Hanging over the MLB season before it began and once it did was one powerful question: What was the threshold for stopping it?

It appeared high. Very high. From Major League Baseball commissioner Rob Manfred to the players, the decision to play long appeared the only option they considered. Whether they “should” play was never part of negotiations, or thought processes or public banter. It was only “how” will they force their way back onto the field.

Monday morning may change that stance.

The Miami Marlins have a full-blown outbreak, according to multiple reports. Almost 40 percent of their active players tested positive for coronavirus. Monday night’s game at Miami between Baltimore and the Marlins has been cancelled. The Marlins remain in Philadelphia, where they unabashedly played a game yesterday despite multiple positive tests during the weekend.

“We never really considered not playing, from my standpoint,” Don Mattingly said Sunday night. “We’re taking risks every day. Every day we’re taking risks. That’s what the players all around the league are doing.”

Monday’s game between the Yankees and Phillies, where New York would use the same visiting clubhouse Miami was in on Sunday, has been postponed “while Major League Baseball conducts additional COVID-19 testing.”

The Nationals are scheduled to start a three-game series in Miami on Friday. Obviously, that trip is in jeopardy.


So, the question is if the season is also now teetering -- again. Manfred has power from the March 26 agreement between MLB and the MLBPA to suspend or stop the season, should he see fit. On July 2, Manfred went on The Dan Patrick Show and was asked what it would take to shut down the season.


“I think the way that I think about it, Dan, is in the vein of competitive integrity in a 60-game season,” Manfred said. “If we have a team or two that’s really decimated with a number of people who had the virus or can’t play for a significant period of time, it could have a real impact on the competition and we’d have to think very, very hard about what we’re doing.”

A few things to unpack there.

Foremost is the focus of Manfred’s concern. It’s not health. It’s whether bad health will result in major-league games between what equate to Triple-A teams because the virus rampaged through a clubhouse or two. This is his concern in what is already, as Stephen Strasburg said Saturday, a mess of a season.

Second, he again does not define the threshold for cancellation. Which means it’s subjective, and based on the conversations and comments already coming from those involved, the bar to stop is extremely high.

They don't want to stop. In fact, most, if not all players, wanted to start earlier so they could play, and earn, more. Howie Kendrick is among those who made the point when Summer Camp workouts were underway. He was asked what he thought of the brutish, three-month negotiation process between the players’ union and league which proved little more than both sides are stubborn as hell. His answer was that he thought they should have been playing more baseball since the pandemic was an issue in June just as it was in July.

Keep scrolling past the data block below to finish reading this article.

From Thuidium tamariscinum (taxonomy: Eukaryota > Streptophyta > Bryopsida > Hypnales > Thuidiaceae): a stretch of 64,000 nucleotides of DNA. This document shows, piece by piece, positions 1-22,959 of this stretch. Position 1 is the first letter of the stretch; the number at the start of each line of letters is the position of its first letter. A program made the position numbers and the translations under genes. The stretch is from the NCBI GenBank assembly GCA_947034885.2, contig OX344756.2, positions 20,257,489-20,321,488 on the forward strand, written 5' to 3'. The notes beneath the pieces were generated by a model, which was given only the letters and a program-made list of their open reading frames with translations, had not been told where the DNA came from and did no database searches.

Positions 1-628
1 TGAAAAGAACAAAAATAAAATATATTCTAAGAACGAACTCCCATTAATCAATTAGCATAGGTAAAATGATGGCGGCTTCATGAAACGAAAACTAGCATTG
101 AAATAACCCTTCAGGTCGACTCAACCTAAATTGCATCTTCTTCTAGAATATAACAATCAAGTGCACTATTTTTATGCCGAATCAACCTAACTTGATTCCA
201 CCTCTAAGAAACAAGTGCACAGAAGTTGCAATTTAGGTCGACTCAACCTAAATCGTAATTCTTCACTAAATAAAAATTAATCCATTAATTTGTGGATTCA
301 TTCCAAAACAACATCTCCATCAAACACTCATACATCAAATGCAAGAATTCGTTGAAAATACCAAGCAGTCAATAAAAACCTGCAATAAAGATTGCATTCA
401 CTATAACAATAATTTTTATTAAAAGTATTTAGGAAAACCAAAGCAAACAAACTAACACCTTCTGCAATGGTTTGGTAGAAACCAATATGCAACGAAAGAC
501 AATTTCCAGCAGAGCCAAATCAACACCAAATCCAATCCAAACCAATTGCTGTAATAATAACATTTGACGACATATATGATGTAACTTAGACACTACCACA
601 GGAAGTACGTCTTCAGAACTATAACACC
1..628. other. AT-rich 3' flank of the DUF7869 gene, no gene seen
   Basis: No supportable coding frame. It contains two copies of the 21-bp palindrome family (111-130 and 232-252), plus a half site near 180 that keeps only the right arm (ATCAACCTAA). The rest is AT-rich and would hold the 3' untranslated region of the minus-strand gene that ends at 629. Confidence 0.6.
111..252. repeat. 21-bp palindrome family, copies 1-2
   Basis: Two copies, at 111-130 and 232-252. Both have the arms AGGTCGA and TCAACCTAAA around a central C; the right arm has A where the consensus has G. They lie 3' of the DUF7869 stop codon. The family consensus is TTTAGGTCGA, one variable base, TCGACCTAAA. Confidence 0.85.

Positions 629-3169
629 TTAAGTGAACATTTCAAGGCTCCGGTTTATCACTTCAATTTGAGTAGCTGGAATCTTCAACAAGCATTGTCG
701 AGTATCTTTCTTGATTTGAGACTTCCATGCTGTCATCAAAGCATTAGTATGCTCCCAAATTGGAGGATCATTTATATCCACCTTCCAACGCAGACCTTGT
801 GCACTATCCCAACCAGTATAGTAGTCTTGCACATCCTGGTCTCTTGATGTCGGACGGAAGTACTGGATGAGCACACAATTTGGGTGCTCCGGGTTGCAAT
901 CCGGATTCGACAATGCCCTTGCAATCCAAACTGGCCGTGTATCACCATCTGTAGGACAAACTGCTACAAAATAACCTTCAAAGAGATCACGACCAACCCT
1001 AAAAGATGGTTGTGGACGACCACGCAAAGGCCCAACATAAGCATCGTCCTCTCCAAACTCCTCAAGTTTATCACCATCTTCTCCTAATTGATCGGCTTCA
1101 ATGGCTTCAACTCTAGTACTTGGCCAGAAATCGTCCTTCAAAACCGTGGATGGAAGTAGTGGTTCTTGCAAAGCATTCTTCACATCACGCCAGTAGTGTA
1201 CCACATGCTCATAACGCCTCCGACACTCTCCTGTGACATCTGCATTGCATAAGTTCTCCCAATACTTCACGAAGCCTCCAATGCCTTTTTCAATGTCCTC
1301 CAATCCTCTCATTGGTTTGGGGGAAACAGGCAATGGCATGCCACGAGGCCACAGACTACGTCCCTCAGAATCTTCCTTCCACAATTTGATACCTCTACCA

A coming validation will be a generalized premise: “We expected something like this…” It’s broad-stroke terminology, applicable to so many issues. Yes, it’s a pandemic. Yes, things will be abnormal. Yes, there will be bumps.


But the size of the problems continues to rise and those involved are stepping toward willful ignorance.

The season lasted one weekend before a team on the road had to quarantine in place. Before a clubhouse had to be “fumigated” so it appeared reasonable to re-enter. Before two games were stopped because of the coronavirus. Even before play started, Canada told the Toronto Blue Jays to go try this experiment somewhere else.

The Nationals, already hosting Toronto for “road” games this week, either will not be playing at all this weekend or will be doing so in Nationals Park. It’s difficult to see any scenario where traveling to Miami to play in less than a week is an acceptable risk. Florida is aflame with the virus. Now, the Marlins are traveling around with it. Why would anyone go there or near them?


But, it was also difficult to see how MLB could come to a conclusion foisting a travel-laden season into the mix amid a pandemic was the expedient thing to do. Yet, it did so in self-aggrandizing fashion.

Monday, Major League Baseball began a transition from self-appointed salve for the pandemic to spread contributor. The questions are if they realize this and what they are going to do about it. If the last three months are any indication, the answer is they don’t and won’t be taking drastic action any time soon and perhaps not until it’s too late. They’ll call it “expected” before yanking the ropes, yelling “heave” and dragging the giant rock an inch further through the sand.

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